4 ways companies are adjusting to the Affordable Care Act
One of the primary goals in HR is to work tirelessly to ensure corporate health and wellness, but in the quest to do so, companies often find themselves balancing a lot of conflicting values. For example: On one hand, they have a constant need to keep their employees healthy and engaged, but at the same time, they also need to worry about keeping costs down and the business profitable.
Performing balancing acts like this is never easy. It’s perhaps even more difficult given that the Affordable Care Act is a constant concern for employers – because the legislation mandates that companies provide health coverage for so many of their workers, companies have to be very careful about the way they do and don’t allocate their wellness dollars.
According to HR Morning, this is becoming a slightly less worrisome trend for companies everywhere, but it’s still something to be a little concerned about. The news source cited the results of Littler Mendelson’s third annual Executive Employer Survey – the data showed that 41 percent of employers worry about Obamacare having a significant impact on them this year, which is a nice drop from 57 percent in 2013, but it’s still a figure worth pondering.
Wellness expert Jared Bilski speculated that though companies are a little less unnerved by Obamacare than they once were, it’s still a topic that’s on their minds.
“It’s been four years since the Affordable Care Act was passed, and firms have become increasingly more comfortable with the administrative burdens the law piled on,” Bilski stated, according to HR Morning. “But there are other concerns keeping HR pros and the executive suite up at night … Although worrying over the Affordable Care Act has decreased, it’s still a major concern for employers.”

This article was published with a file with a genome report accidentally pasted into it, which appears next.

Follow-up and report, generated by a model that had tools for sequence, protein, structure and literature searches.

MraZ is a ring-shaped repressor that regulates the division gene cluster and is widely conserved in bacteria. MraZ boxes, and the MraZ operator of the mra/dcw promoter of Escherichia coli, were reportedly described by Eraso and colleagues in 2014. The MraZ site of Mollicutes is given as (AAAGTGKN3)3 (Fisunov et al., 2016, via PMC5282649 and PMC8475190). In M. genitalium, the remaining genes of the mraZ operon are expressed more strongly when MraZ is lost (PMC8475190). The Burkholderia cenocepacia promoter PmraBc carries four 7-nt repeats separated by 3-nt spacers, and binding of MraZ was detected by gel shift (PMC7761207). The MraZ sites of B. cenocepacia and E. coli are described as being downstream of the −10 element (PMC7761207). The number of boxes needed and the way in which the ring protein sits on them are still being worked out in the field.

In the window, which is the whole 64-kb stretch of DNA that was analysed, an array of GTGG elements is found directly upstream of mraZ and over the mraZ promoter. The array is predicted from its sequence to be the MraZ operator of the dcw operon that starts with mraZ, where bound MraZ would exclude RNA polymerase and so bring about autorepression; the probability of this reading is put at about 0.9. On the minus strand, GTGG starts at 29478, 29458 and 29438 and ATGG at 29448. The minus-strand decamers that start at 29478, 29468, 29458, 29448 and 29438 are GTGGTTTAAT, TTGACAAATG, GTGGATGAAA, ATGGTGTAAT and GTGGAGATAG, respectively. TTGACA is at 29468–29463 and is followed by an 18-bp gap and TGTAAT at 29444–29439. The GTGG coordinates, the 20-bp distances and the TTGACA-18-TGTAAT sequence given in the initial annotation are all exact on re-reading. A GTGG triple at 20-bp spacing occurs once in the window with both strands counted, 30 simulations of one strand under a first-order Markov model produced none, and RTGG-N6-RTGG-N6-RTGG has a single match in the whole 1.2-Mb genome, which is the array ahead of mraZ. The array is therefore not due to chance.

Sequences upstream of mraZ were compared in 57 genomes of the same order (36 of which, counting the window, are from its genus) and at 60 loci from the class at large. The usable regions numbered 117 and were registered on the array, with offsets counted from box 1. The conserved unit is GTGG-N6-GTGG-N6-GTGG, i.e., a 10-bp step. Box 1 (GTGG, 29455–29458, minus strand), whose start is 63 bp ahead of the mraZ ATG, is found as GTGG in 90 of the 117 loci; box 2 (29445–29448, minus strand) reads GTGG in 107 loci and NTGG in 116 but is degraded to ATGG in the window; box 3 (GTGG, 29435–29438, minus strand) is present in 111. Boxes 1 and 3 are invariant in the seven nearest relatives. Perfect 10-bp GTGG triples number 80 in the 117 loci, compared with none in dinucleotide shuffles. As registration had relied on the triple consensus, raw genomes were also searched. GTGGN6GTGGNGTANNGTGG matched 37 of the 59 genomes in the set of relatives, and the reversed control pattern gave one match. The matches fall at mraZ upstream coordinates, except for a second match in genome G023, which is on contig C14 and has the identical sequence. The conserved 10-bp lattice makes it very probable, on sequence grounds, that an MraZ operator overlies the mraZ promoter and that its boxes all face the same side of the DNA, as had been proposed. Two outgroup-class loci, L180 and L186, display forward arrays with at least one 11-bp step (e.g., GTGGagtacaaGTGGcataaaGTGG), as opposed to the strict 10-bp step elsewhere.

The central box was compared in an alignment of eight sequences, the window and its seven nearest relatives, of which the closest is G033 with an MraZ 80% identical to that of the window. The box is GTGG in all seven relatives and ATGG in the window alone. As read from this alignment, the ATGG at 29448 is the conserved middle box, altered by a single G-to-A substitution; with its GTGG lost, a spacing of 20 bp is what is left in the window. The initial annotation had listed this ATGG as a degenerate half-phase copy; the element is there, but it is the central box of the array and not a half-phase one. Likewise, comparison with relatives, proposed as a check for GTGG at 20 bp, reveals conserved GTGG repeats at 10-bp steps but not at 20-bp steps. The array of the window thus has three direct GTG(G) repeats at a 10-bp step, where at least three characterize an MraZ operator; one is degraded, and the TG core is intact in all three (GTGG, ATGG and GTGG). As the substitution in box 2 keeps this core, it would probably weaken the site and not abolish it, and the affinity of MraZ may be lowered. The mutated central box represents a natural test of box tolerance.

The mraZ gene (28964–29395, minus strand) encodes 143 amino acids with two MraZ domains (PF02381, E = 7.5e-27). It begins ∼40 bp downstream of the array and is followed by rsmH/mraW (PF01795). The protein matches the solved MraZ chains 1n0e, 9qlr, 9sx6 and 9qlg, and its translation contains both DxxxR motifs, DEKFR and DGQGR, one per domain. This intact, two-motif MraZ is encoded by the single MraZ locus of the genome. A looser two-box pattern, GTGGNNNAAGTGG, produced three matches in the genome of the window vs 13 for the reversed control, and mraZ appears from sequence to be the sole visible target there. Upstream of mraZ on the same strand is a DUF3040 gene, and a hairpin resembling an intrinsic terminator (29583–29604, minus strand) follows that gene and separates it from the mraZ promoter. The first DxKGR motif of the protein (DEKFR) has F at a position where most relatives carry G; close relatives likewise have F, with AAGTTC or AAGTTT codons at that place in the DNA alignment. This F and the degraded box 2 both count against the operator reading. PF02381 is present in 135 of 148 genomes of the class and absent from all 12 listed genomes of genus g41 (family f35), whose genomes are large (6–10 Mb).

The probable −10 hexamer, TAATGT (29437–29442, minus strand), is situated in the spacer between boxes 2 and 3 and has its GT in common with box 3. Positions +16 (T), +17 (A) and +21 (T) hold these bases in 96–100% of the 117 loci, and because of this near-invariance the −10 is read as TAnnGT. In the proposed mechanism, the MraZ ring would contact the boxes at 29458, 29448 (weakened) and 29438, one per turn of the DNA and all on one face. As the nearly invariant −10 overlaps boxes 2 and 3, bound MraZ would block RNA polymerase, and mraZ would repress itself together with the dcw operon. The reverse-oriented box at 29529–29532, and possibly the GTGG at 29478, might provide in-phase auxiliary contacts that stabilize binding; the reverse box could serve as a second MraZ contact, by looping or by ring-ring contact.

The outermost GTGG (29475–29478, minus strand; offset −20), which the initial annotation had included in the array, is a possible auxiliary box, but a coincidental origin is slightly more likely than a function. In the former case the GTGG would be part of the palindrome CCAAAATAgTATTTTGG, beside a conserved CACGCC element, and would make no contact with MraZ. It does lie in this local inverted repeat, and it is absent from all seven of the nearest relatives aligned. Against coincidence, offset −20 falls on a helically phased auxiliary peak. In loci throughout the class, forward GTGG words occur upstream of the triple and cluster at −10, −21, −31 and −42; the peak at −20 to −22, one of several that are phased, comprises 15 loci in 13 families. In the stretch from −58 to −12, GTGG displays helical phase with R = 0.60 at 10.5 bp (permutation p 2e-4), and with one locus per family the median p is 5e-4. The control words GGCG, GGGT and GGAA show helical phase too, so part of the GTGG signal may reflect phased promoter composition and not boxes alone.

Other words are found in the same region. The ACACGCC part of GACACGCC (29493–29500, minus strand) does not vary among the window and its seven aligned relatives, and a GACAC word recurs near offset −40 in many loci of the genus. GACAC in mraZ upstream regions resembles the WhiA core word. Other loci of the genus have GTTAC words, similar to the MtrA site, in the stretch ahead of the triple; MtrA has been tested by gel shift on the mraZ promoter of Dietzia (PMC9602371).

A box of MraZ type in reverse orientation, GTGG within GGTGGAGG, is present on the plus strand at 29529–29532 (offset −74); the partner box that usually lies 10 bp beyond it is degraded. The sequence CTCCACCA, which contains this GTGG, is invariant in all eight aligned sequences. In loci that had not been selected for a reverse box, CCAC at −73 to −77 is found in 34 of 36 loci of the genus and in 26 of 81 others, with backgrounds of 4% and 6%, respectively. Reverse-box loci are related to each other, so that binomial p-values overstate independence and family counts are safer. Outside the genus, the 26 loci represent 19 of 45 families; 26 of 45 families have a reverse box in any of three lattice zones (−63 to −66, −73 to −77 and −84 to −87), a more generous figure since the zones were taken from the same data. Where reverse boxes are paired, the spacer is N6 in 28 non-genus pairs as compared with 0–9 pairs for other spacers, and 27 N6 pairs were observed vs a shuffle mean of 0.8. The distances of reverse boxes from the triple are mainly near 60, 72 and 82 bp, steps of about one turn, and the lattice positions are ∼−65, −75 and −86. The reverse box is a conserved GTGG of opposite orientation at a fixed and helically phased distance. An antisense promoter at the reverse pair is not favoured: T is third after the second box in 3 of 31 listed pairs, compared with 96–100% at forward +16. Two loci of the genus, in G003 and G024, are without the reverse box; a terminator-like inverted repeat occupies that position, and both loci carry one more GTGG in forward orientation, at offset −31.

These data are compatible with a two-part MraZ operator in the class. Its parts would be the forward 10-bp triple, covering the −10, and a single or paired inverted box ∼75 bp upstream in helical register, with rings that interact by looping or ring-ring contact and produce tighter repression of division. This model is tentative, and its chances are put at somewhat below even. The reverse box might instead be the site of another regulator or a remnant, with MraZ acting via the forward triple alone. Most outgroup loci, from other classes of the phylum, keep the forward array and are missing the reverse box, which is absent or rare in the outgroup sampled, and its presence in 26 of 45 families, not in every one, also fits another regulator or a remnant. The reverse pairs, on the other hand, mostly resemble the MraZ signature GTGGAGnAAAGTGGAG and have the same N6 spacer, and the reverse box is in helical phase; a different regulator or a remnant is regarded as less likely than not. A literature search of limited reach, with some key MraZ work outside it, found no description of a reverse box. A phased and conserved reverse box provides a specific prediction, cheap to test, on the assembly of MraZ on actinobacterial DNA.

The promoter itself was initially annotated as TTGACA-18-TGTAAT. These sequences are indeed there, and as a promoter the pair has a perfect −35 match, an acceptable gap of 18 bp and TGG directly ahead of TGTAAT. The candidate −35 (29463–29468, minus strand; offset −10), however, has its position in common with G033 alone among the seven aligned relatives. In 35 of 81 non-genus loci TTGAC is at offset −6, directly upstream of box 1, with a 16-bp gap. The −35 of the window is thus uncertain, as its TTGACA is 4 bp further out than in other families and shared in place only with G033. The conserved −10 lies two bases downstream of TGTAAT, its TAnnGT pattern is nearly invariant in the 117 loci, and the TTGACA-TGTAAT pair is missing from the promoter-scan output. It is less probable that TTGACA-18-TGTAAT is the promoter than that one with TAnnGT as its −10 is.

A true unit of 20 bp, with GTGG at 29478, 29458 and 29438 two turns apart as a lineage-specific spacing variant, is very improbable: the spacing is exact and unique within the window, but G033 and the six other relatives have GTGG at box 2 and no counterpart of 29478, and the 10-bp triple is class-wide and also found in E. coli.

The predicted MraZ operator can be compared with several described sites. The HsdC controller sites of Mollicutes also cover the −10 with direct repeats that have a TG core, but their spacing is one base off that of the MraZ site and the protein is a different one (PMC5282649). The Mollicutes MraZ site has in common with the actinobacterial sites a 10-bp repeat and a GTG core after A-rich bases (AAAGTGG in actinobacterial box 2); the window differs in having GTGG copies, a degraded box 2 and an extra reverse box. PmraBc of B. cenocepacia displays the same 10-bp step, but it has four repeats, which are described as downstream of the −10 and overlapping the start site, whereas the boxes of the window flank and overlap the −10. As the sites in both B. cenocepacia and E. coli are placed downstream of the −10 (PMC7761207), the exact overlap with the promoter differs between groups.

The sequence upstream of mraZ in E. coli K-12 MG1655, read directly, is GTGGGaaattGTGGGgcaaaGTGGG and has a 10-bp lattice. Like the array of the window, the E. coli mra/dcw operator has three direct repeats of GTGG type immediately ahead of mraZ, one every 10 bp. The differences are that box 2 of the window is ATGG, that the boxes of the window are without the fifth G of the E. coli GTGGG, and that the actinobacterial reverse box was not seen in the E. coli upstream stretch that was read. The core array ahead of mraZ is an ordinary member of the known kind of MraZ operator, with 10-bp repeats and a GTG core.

So what are companies doing about their ACA concerns? According to Littler Mendelson’s research, they’re taking four actions in particular.
Getting legal help
If there’s ever any confusion about how to comply with the ACA – or any other piece of legislation, really – it never hurts to have legal counsel on hand to help sift through all the jargon. Numerous companies have in-house lawyers available to help them solve their health and wellness quandaries.
Implementing wellness programs
It’s always nice when companies do what they can to look out for the health of their employees. To that end, having an employee assistance program in place is a great way for businesses to do their part and make sure employees are as well as possible.
Offering privatized benefits
As far as the financial constraints of the ACA go, it’s always difficult to cover everyone without going over budget. Some companies are offering their employees access to private health insurance exchanges as an alternate strategy to get them covered. This requires collaboration between worker and employer, though.
Limiting employees’ hours
Another strategy companies are trying? Adjusting people’s schedules in order to tweak how many hours they’re working – and thus, how much health coverage they need. Budgeting for employee wellness is always difficult, and a dynamic strategy that responds to people’s changing workloads is often necessary.